Eighty not out: reflecting on a long life in art

While West Cork-based ceramic artist David Seeger went to school with David Hockney, it was pioneering teacher Harry Thubron who had the most influence on his career, writes Colette Sheridan

David Seeger is currently showing at Uilinn in Skibbereen. Picture: Kevin O'Farrell

PIONEERING ceramic artist David Seeger is celebrating his 80th birthday with an exhibition at Uilinn: West Cork Arts Centre.

The Yorkshire-born artist, who moved to the Baltimore area in West Cork in 1990, says he influenced by “everything” he sees.

“There are colours that come into my work that just happen to fit the landscape around me. It’s coincidental with the kind of glazes I use and the preferences that I have. It wasn’t anything intentional. I would say the influences are subliminal rather than anything conscious.”

The constantly curious and evolving Seeger, who went to school in Bradford with the renowned British artist, David Hockney, has been making mostly one-off ceramic pieces for over 50 years.

Interested in philosophy, quantum physics and Jungian psychology, Seeger’s pieces often carry some thought or intention of what, for example, a pot actually is.

His ‘Black Hole’ series play with the fact that pots have a hole. His ‘Twirling the Edge’ pieces explore the ambiguity of where and what the line may be between the inside and the outside of an object. And his ‘Touching the Void’ series discovers how the hole may be seen as a black three dimensional form (for example, a cube). The only way to tell whether it’s real or an illusion is to touch it, which the artist encourages.

Visual art, says Seeger, is all about showing without words. “In my case, the answer to the question, ‘How do you make an inside-out teapot?’ is to make one. There is one in the show. There are many ideas like that in the show that answer simple ordinary kinds of questions.”

Seeger says his work is a kind of performance. He gives an example of a piece of sculpture that has two faces. “When you walk around it, the whole thing changes. It’s like watching a video. It changes shape as you look at it. There is no medium other than video that can get anywhere near that experience. Everything in my show is of that order. I’ve used mirrors at the back of quite a lot of the exhibition of pottery so that you can see both sides, the back and the front, from one view point.”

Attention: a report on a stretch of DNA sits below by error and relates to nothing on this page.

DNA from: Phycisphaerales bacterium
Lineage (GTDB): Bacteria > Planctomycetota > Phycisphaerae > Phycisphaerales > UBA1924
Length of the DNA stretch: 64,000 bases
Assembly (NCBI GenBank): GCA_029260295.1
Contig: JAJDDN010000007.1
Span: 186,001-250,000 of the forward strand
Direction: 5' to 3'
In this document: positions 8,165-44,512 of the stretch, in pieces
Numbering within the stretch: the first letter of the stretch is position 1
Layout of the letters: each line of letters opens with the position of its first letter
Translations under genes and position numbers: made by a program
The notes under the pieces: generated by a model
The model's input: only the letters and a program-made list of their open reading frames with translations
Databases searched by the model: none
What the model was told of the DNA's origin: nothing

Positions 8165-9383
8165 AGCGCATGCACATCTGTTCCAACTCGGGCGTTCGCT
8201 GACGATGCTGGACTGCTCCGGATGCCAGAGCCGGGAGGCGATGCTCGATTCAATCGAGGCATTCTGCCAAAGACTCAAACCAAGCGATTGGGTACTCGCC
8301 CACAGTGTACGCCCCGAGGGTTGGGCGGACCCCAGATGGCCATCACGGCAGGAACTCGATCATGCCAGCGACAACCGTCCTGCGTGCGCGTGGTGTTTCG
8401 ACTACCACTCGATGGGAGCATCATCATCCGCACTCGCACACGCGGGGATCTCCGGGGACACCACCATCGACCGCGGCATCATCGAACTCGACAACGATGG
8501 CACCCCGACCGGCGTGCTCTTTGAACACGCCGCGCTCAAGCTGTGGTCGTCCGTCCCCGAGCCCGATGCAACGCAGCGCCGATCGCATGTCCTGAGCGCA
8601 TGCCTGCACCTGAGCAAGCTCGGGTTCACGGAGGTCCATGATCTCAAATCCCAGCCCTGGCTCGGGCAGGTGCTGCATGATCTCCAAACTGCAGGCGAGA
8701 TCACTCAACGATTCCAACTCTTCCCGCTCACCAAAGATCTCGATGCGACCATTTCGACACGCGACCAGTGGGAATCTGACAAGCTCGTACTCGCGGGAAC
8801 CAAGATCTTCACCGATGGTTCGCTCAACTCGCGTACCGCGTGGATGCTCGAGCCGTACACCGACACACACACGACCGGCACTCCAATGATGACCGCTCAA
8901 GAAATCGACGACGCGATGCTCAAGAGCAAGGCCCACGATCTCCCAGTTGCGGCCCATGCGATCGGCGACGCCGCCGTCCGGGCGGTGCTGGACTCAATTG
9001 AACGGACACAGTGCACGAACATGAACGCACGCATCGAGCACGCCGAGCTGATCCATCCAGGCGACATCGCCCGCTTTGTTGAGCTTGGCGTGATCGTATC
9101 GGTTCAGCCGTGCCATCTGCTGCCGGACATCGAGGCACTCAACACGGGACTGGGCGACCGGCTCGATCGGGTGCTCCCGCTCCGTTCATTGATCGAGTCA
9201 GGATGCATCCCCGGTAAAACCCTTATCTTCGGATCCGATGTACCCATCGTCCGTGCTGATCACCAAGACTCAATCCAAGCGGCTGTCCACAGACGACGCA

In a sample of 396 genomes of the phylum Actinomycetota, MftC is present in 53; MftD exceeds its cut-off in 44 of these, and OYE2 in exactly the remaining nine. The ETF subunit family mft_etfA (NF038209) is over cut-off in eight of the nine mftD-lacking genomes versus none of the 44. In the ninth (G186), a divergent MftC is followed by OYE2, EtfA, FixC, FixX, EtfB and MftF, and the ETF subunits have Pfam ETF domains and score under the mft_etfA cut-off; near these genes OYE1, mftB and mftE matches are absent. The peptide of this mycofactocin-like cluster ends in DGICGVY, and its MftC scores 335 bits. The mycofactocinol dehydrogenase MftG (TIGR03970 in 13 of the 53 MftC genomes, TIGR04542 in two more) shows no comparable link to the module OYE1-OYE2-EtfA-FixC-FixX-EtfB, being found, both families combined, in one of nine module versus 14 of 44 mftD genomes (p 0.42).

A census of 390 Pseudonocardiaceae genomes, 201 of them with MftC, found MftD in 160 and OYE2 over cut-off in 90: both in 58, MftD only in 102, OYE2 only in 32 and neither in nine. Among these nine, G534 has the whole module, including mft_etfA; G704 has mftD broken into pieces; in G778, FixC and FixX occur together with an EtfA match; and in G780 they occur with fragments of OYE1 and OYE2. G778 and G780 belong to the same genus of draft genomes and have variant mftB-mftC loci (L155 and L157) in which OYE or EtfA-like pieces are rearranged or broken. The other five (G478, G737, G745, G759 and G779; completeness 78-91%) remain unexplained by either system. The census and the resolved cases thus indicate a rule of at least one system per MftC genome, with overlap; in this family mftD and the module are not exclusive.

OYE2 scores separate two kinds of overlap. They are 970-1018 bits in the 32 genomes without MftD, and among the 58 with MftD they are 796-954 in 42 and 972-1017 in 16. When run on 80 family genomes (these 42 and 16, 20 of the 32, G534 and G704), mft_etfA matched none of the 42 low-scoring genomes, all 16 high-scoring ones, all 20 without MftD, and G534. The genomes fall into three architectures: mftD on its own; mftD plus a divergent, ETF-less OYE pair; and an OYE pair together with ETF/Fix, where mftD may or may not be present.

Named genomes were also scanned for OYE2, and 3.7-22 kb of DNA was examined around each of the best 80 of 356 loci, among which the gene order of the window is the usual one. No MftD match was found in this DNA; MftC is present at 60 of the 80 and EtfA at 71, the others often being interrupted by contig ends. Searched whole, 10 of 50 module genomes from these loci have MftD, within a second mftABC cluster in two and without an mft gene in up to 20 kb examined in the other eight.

Seeger says he was privileged to be one of the early guinea pigs of a revolutionary teacher, Harry Thubron, at Leeds College of Art.

Thubron revolted against “the old-fashioned early Impressionist and English tradition of composition with figures. In some ways, he was misunderstood. But he was credited with what he called the ‘Basic Course’. That was a set of exercises we did in the first term using geometry and shapes, fairly simple abstract design.

“But essentially, Thubron was more of a spontaneous kind of Zen artist with subliminal influences. He was interested in getting drawings from a moving model, maybe like Marcel Duchamp’s painting, ‘A Nude Descending a Staircase’. There’s a kind of time lapse there. We did a lot of that kind of work. Thubron put a lot of emphasis on drawing and life drawing.”

Seeger taught art for many years, including at Leeds College of Art which later became part of Leeds Polytechnic. At the moment, he and some of his contemporaries from art college “are putting things on the record. My show and the book I published to go with it, are very much of that order. The bedrock of it all is the ethic we set out with, given to us by Harry Thubron.

“He based his work on the work of Sir Herbert Read, author of The Meaning of Art. Read avowed that art is as essential to a healthy person as food is.”

It’s an idea Seeger has been lived by ever since he first encountered it.

  • David Seeger’s exhibition, 80 Moving Still, is at Uilinn: West Cork Arts Centre until December 12


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